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Opinion: The bitcoin bubble is a bad omen for the U.S. economy

MarketWatch logo MarketWatch 1/13/2018 Ivan Martchev
Do you know how much sales and earnings bitcoin will have this year, or ever? Zero. Which is why it’s a bubble.© Provided by Dow Jones & Company, Inc. Do you know how much sales and earnings bitcoin will have this year, or ever? Zero. Which is why it’s a bubble.

Editor’s note: The opinions in this article are the author’s, as published by our content partner, and do not necessarily represent the views of MSN or Microsoft.

When I sat down to write one of my first columns for 2018, I looked at one of my favorite sites,

The opening page lists a summary table, which shows the daily moves in global stocks, bonds, currencies and commodities. More often than not, there is plenty of fodder for my column, just from that table (see this screenshot).

The format of the summary table had not changed for more than a year until a couple of months ago, when a new line appeared in the currency section. What was it? You guessed it: bitcoin!

And given the wild daily swings that we have seen in this electronic tulip-bulb market in the past couple of weeks, it makes it hard not to “mouse over” that table item and gaze at the volatility on a tick-by-tick basis. If you zoom in on a one-minute or five-minute chart, you can see the trades coming in with $50 or higher bid/ask spreads (see chart).

What, exactly, is a bubble?

While I have written about bitcoin (BTCUSD) being a bubble in the past couple of weeks, I have not clearly defined what a bubble actually is. The key is a rapid surge in market capitalization — the number of shares times the share price — and what that capitalization discounts. The value of a company (market capitalization) is simply the discounted future sales and earnings for as far as the majority of all investors, or, simply put, “the market,” can see into the future. In that regard, the term “market capitalization,” when it comes to bitcoin or any other electronic tulip bulb, is absurd.

There will never be any future sales and earnings produced by this particular line of code. Bitcoin is a case of rising numbers of investors being crammed into a limited number (21 million maximum) of bitcoins. As long as more money is flowing in than is flowing out, the price will rise. Then, when the tipping point comes — and it may have already come a couple of weeks ago — the price will start cascading lower, as it is doing at the moment.

A good example of a company’s stock that was in a bubble that burst, but came back because the business turned out to be successful, is Amazon (AMZN) in 2000-02. Amazon’s stock in 2000 peaked at $113 a share with little sales and earnings to justify the market capitalization of the company. Then, when the Nasdaq (COMP) bubble burst, the shares plummeted by 95%, all the way to $5.51 in late 2001 (see weekly chart).

Amazon is a classic example of a company whose shares got grossly overvalued for the amount of sales it generated (it did not have any earnings until recently), which is why the stock crashed. Then, as Jeff Bezos, its brilliant CEO, built out the company and boosted those sales and, ultimately, earnings, the stock came back ... and then some. Amazon is forecasted to finish 2017 with $136 billion in sales, while 2018 sales estimates are up over 30%, at $177 billion. The same reasoning for why a spectacular share price rise is not a bubble goes for Apple, which is expected to end fiscal 2018 with $229 billion in sales.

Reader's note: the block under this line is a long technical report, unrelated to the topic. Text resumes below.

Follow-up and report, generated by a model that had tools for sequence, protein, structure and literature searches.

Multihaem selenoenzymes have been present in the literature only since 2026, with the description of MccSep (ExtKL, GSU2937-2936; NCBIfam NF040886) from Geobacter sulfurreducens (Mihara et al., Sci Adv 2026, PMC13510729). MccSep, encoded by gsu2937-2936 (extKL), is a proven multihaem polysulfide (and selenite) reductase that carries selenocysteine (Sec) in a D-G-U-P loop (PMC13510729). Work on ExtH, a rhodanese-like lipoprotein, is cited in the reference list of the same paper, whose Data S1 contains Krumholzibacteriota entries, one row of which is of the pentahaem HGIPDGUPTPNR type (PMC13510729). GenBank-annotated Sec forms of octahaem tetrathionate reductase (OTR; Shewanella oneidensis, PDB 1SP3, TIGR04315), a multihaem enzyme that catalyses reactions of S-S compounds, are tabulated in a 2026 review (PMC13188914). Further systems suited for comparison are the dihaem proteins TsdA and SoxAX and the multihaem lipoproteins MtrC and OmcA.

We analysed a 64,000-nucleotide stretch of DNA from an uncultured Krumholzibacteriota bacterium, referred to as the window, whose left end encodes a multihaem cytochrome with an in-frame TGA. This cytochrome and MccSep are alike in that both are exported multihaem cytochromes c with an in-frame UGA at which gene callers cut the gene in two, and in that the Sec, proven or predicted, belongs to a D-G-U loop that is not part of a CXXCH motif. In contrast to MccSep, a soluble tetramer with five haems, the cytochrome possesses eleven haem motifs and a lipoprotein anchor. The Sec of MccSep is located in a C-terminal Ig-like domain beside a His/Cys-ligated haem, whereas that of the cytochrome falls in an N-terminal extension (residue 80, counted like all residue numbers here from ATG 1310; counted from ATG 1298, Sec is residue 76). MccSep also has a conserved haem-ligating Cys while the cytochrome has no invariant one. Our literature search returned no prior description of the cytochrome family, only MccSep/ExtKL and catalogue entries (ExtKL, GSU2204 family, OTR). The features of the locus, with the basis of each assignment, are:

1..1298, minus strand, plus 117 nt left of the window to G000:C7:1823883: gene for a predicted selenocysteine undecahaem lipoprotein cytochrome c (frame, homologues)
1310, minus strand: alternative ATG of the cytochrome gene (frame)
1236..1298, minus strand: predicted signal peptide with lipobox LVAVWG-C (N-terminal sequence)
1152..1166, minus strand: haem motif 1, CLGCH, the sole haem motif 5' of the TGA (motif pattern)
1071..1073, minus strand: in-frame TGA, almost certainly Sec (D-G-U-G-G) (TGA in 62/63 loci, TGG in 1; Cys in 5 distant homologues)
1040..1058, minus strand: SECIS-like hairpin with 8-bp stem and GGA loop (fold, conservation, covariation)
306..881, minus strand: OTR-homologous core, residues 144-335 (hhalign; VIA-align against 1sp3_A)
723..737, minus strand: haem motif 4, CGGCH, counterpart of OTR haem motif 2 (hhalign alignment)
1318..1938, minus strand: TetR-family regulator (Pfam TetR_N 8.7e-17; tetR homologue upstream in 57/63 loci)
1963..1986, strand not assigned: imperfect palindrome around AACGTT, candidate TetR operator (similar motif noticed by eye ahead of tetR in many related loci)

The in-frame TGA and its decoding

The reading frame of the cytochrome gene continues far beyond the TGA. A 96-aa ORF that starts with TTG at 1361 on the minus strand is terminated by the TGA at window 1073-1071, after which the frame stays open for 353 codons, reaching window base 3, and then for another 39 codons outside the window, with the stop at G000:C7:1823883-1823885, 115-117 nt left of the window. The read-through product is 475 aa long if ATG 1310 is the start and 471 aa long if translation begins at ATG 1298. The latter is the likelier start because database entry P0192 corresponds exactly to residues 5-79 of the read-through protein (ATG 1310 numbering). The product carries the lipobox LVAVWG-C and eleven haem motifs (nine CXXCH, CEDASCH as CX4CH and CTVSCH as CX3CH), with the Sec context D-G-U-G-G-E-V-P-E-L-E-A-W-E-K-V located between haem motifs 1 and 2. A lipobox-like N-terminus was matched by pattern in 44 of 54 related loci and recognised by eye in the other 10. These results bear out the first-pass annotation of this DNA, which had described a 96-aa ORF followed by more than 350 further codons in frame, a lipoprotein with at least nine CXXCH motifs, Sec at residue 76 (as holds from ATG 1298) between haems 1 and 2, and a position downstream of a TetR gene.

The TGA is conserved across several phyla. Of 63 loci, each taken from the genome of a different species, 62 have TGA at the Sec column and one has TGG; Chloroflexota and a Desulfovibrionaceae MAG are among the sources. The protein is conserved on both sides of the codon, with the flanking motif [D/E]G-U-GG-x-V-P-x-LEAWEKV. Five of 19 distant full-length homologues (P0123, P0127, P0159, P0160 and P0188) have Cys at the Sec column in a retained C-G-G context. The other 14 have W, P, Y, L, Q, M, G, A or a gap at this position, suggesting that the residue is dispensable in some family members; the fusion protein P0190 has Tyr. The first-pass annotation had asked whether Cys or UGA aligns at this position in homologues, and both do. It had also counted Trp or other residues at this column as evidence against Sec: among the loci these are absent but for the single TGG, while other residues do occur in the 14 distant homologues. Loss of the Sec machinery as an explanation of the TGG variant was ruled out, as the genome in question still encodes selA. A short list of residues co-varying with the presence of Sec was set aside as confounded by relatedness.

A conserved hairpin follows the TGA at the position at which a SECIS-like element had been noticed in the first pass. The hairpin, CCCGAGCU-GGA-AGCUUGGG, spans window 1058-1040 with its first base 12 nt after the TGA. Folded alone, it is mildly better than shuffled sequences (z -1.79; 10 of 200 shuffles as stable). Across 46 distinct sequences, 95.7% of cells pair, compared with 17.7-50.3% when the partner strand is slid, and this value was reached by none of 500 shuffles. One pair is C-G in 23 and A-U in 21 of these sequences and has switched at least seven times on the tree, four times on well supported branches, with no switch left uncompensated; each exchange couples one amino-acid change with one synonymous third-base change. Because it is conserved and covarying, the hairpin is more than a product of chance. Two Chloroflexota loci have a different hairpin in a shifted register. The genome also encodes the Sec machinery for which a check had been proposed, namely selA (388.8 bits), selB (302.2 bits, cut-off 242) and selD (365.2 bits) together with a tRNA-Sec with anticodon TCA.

Do you know how much sales and earnings bitcoin will have this year, or ever? Zero.

(Note: The writer doesn’t currently hold a position in Apple or Amazon. His employer, Navellier & Associates, does own positions in Apple and Amazon for client portfolios.)

The crypto boom is a warning sign

Comments on the crypto boom are making it to mainstream Wall Street. Months ago, Jamie Dimon, CEO of J.P. Morgan Chase, dismissed bitcoin as a fraud, a sentiment that I share, even though he has backtracked somewhat. More recently, Jan Hatzius of Goldman Sachs commented on bitcoin in his latest 2018 outlook:

“While we have not seen the type of large credit expansions that would be most worrisome for Fed officials concerned about financial imbalances, there are now some signs of speculative behavior in financial markets, e.g. the cryptocurrency boom.”

All I can add here is that this is completely normal in a mature stock bull market and a mature economic cycle. In the latter stages of a mature bull market, bubbles tend to happen. In the economic and stock market cycle that ended in 2000, it was the dot-com bubble. In the next economic and stock market cycle, it was a real-estate and mortgage-finance bubble. This time we have a bitcoin bubble.

As to Hatzius’ expectation that the Treasury yield curve won’t invert despite the fact that he expects four Fed interest-rate increases, we will have to wait and see for the next 12 months. As the following chart shows, the difference between the two-year Treasury yield and the 10-year hit 50 basis points in January. (See “Goldman Sees Crypto, Credit Shadowing Robust 2018 U.S. Economy.”)

The 2/10-spread shrank by more than 80 basis points in 2017. With four Fed rate hikes (most likely totaling 100 basis points), one could expect the two-year Treasury note yield to rise by at least that much. That means the Treasury yield curve may actually invert if the 10-year Treasury stays below 3%.

And that would be consistent with a mature economic cycle.

Ivan Martchev is an investment strategist with institutional money manager Navellier and Associates. The opinions expressed are his own.


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